The Karen represent the largest ethnic minority in Thailand second to the Chinese. The major groups who are represented speak Sgaw and the Pwo based on dialectal differences. The Karen identity has been seemingly resistant to change primarily because of the identity that is formed surrounding their indigenous religious practices. The Palokhi Karen practices are unrelated to any Buddhist or Christian views but have adopted some techniques that remain consistent throughout the community. Anada Rajah’s study of the Karen focused on the continuity of its, cultural identity in the context of a predominantly Northern Thai socio-economic environment and a slowly growing presence of the administrative apparatus of the larger polity of Thailand. (Rajah p. 1).
The problem with any ethnic minority throughout the world is the threat of modernity and globalization that exists to alter the status of a group. A majority of Karen identity relies within their religious rituals and beliefs but there is a very condensed version that has been observed. A central problem with this is the question of religious conversion and whether anything may be said about the sociological relationship between, if not an identifiable then, at least, a posited Karen religion and Karen identity. (Rajah p. 6).
Religion is often intertwined in cultural change as a piece of the conversion of ethnic identity in the context of changing intergroup relations. A concern with the issue is the relationship between religious, cultural and ethnic change. (Rajah p. 7). The importance of identity is constructed within the difference between an ethnic identity and a cultural identity of a particular group. Rajah promotes in his book the question of how the Palokhi Karen maintain their cultural and ethnic identity with the increasing exposure and forceful shift of modernization.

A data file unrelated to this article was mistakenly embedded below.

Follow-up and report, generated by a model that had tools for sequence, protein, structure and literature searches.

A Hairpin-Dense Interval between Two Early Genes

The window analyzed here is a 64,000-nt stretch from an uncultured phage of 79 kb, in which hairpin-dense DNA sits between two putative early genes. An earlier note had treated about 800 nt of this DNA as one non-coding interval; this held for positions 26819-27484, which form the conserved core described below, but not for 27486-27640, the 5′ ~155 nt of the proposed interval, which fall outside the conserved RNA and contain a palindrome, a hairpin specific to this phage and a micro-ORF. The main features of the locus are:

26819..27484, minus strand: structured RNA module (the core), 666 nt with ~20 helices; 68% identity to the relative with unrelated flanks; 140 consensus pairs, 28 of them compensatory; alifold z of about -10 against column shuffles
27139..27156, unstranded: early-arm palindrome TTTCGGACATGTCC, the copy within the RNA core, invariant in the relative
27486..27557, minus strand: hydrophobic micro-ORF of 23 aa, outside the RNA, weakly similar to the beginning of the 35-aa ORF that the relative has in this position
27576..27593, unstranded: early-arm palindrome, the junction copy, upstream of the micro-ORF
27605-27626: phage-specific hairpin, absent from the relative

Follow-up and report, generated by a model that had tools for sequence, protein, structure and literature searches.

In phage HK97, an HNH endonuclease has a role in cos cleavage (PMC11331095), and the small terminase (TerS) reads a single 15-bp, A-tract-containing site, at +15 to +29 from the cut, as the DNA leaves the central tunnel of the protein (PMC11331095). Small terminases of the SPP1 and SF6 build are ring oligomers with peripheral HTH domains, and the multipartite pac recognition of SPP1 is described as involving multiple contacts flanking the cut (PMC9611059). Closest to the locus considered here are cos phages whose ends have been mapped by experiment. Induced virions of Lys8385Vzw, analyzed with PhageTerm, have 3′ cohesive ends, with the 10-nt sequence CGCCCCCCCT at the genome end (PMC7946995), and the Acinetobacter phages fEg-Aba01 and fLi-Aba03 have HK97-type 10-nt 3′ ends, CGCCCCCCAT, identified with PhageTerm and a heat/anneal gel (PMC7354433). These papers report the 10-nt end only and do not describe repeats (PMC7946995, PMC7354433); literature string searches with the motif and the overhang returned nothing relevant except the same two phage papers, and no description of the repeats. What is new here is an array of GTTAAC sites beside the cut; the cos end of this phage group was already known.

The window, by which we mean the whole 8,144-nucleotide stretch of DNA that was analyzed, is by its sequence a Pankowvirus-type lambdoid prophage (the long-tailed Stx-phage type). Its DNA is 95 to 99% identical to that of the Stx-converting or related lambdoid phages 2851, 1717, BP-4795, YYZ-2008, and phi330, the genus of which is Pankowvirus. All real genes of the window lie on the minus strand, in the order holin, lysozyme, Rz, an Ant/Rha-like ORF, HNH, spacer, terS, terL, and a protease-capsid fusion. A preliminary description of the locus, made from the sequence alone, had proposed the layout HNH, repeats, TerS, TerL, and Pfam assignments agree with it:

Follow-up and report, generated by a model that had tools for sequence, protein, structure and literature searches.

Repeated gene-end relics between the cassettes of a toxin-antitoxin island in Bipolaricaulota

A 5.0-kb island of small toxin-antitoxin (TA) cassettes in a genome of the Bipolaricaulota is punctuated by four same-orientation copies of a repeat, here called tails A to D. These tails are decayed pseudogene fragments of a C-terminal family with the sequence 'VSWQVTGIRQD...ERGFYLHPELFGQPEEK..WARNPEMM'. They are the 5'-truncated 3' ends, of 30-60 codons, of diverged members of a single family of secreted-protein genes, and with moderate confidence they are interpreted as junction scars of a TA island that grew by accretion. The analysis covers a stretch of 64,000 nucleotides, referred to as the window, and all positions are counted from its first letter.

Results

While religion is a primary source of identity for any ethnic group, the inclusion of economic and/or agricultural systems is just as important. For the Palokhi Karen lived in a swidden agriculture based system. They were not entirely self sufficient of the crop and grew tea to sell in order to gain cash to purchase rice. The rituals affiliated with swidden cultivation construct the foundation of the community, together with other aspects of the religion of the Palokhi Karen, which form the key elements in the construction of a social and cultural order that is unequivocally Karen. (Rajah p. 16).
Without the lifestyle of swidden agriculture, the beliefs of the indigenous Karen religion would be incomprehensible. The concept and tasks of the agricultural cultivation are synonymous in some aspects with their religious rituals. Environment plays a key role within their religious system as the main protective spirit of the domain, Thi Koe’ca or Kau Koe’ca, can be translated as Lord of the Water and Lord of the Land. The headman of the Karen community is responsible for maintaining a healthy relationship with the Lord of the Land and Lord of the Water. When it is felt that the relationship is not sustained it can lead to the dissolution of the community. (Rajah p. 40). The headman acts as the mediator between the community and the Lord of the Land and the Lord of the Water.